Control Group writes: According to physorg.com, the law of unintended consequences has struck the Ozone-layer preserving Montreal Protocol. While the treaty has been successful in reducing the use of Ozone-depleting CFCs, it turns out that their hydrofluorocarbon (HFC) and hydrochlorofluorocarban (HCFC) replacements are massive greenhouse gases. "Use of HCFCs and HFCs is projected to add the equivalent of 2 billion to 3 billion tons of carbon dioxide emissions to the atmosphere by 2015, U.N. climate experts said in a recent report." For comparison's sake, even were the Kyoto treaty to be embraced worldwide, its target is to reduce CO2 emissions by roughly 1 billion tons by 2012. The same report recommends the use of greenhouse-friendlier replacements such as ammonia, hydrocarbons, or CO2, but industry cites concerns about these substances: the safety of hydrocarbon cooling (mainly using propane), along with reduced energy efficiency.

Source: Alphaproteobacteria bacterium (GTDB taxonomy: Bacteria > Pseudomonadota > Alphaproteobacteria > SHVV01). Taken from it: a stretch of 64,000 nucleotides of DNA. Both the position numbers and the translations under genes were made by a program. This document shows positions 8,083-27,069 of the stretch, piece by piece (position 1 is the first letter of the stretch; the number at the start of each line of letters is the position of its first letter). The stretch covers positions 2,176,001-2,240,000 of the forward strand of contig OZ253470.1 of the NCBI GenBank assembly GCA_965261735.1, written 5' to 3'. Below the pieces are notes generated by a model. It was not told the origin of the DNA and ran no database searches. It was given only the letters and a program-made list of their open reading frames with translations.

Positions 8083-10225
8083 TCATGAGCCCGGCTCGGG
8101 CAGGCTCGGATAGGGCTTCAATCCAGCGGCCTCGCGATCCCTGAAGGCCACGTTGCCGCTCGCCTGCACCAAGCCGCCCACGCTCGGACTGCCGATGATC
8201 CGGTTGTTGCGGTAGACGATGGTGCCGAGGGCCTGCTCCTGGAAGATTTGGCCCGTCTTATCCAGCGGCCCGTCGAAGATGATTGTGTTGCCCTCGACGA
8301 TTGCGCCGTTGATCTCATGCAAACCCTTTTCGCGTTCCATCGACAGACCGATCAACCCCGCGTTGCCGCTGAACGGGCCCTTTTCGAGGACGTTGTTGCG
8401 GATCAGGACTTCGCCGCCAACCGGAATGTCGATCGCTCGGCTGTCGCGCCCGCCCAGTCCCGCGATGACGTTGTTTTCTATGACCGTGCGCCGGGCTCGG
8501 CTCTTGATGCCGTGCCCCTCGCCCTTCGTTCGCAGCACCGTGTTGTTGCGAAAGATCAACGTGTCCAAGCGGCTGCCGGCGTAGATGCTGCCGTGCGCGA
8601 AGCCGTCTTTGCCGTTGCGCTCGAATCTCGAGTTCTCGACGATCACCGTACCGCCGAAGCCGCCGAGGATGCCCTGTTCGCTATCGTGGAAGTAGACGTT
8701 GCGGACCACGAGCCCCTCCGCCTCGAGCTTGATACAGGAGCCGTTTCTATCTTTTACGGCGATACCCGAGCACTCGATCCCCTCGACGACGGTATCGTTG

"If there's a leak in a residential line, it can ignite — you have a potential bomb," said Stephen Yurek, general counsel for the Air-Conditioning and Refrigeration Institute. It represents North American makers of equipment for homes, businesses and transportation.
Manufacturers also say they could not meet U.S. energy efficiency requirements that took effect this year if they used those chemicals. "The technology just isn't there," Yurek said. "
Slashdot Top Deals
Programmers used to batch environments may find it hard to live without
giant listings; we would find it hard to use them.
-- D.M. Ritchie